Photo of researcher Frank Sharp
Frank Sharp, professor of neurology, uses microarray technolgy to identify the unique gentic markers of neuroldevelopmental disorders.

What's remarkable about how Frank Sharp came to be one of the top brain researchers in the country is that he did not begin his education with an interest in biology. That was until he graduated from UC Davis with a bachelor's degree in mechanical and electrical engineering. He realized that he wasn't as interested in building machines or electrical circuits as he was in understanding malfunctions of the human body. He decided to go to medical school rather than graduate school.

Sharp, who had not taken a single college course in biology, had a hard time at first keeping up at UC San Diego's School of Medicine. He eventually did very well, especially in neuroscience, and earned a prestigious internship at Duke University. After Duke, Sharp conducted research at the National Institutes of Health in Bethesda, where he chose to work with Ed Evarts and Louis Sokoloff — scientists making important discoveries in mapping brain function. That experience cemented his future in cutting-edge brain research.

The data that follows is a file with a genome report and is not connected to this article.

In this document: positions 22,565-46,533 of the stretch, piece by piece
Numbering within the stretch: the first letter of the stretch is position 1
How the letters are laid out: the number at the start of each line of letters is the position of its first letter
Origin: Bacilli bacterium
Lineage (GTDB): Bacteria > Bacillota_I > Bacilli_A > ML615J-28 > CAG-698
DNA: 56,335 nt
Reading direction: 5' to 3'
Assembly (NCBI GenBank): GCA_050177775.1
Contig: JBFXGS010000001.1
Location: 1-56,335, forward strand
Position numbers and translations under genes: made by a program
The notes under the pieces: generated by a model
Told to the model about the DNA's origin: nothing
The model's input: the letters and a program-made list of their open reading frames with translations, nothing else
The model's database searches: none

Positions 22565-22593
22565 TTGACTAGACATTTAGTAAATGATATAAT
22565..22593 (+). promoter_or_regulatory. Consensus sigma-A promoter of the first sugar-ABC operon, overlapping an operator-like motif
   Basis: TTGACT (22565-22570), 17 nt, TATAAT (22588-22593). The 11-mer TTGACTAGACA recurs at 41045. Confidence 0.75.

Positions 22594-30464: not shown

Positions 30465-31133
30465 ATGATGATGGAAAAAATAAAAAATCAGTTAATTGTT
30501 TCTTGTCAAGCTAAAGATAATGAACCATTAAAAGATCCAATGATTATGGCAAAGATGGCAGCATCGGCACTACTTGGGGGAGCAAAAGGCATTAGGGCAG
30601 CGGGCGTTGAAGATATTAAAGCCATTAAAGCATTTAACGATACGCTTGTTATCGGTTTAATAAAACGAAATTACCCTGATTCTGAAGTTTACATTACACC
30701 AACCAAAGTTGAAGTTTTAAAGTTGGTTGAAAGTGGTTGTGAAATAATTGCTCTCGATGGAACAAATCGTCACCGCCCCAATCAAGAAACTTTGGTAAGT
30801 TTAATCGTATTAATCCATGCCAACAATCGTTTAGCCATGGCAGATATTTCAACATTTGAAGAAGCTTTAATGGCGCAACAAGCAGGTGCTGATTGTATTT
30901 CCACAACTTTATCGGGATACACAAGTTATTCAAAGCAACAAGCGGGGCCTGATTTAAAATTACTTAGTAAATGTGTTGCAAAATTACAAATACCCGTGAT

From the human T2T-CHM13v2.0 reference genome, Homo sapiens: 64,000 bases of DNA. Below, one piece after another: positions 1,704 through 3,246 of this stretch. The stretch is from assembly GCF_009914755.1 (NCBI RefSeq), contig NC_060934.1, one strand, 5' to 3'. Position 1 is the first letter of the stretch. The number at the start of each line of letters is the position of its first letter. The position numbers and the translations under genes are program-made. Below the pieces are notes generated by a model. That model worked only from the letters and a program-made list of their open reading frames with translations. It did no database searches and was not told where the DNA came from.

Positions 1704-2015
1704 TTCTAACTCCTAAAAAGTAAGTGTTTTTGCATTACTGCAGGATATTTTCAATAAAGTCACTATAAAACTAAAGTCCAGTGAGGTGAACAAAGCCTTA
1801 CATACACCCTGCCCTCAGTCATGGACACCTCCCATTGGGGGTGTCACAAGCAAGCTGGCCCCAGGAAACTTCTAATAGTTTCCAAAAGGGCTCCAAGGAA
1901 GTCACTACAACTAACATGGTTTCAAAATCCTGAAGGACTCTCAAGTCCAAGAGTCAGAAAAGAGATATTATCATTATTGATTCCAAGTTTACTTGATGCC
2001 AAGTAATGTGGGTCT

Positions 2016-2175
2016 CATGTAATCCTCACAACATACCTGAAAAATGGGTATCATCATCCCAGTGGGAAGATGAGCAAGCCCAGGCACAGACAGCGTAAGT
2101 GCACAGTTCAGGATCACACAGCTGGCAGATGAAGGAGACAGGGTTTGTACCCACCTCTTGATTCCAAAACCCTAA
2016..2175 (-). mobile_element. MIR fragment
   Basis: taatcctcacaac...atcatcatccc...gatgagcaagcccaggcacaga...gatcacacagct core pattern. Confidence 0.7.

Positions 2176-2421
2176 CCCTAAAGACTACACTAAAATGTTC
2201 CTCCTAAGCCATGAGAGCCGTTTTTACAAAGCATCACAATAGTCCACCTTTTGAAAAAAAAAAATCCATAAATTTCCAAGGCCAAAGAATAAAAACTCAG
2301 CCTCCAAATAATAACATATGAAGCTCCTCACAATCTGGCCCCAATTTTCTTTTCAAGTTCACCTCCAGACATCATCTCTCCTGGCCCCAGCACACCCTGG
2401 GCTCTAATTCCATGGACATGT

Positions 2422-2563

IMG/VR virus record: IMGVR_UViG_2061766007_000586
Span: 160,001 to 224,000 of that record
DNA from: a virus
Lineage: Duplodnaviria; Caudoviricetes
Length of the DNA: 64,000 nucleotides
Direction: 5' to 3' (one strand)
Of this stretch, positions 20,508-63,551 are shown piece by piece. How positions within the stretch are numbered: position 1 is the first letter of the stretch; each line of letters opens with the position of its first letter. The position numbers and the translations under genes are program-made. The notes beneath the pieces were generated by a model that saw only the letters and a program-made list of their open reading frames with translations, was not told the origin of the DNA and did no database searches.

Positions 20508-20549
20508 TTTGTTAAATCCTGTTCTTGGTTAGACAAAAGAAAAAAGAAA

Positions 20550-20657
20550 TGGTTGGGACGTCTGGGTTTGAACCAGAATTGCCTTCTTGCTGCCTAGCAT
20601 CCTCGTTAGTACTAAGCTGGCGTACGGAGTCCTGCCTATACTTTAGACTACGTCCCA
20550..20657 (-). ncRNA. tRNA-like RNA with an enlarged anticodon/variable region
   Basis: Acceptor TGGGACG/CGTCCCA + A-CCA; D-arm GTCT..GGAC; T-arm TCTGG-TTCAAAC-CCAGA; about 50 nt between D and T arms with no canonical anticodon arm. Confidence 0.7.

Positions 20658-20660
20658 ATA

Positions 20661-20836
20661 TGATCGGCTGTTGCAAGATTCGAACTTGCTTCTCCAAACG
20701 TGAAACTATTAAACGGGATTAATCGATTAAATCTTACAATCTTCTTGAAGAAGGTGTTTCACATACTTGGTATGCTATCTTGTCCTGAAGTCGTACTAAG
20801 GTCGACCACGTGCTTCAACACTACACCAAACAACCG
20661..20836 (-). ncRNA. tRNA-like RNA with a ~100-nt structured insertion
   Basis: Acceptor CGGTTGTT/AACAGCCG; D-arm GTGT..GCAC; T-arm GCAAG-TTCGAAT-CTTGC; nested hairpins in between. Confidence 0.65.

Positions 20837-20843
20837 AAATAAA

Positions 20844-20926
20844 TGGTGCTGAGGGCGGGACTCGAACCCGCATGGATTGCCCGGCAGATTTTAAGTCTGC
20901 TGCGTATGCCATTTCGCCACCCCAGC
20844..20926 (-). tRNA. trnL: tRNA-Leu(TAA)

“I just happened to be lucky enough to be in those labs,” he said.

Sharp went on to conduct basic scientific research at University of California campuses at San Diego and San Francisco and at the University of Cincinnati. But when his daughter suffered a brain hemorrhage due to a rare genetic disorder, Sharp felt compelled to change the focus of his research program.

“After her stroke, I just decided that I should do some things directly related to human disease,” he explained.

Photo of reseacher Frank Sharp and daugher
Frank Sharp with his daughter, Alison, who inspires much of his research.

The shift in his research program led Sharp back to UC Davis and its new M.I.N.D. Institute, where he is a professor of neurology. He notes that he is back to the starting point of his career in more ways than one.

“I actually am a mechanical engineer now, just in a different context,” he said. “I'm finding out how the human brain malfunctions and with that knowledge will hopefully learn how to fix it.”

When he is not in the lab, Sharp enjoys low-key activities, like walking the family's two dogs or reading Agatha Christie mystery novels. His wife, Leslie Drummond-Hay, who is also a medical doctor, and teenage children, Benjamin and Alison, have helped inspire his love of travel.

“Last year, we went to Yellowstone and saw almost every mammal that can be seen in the park. And we trekked all over heck and back to do that,” Sharp recalled. “It was a great trip.”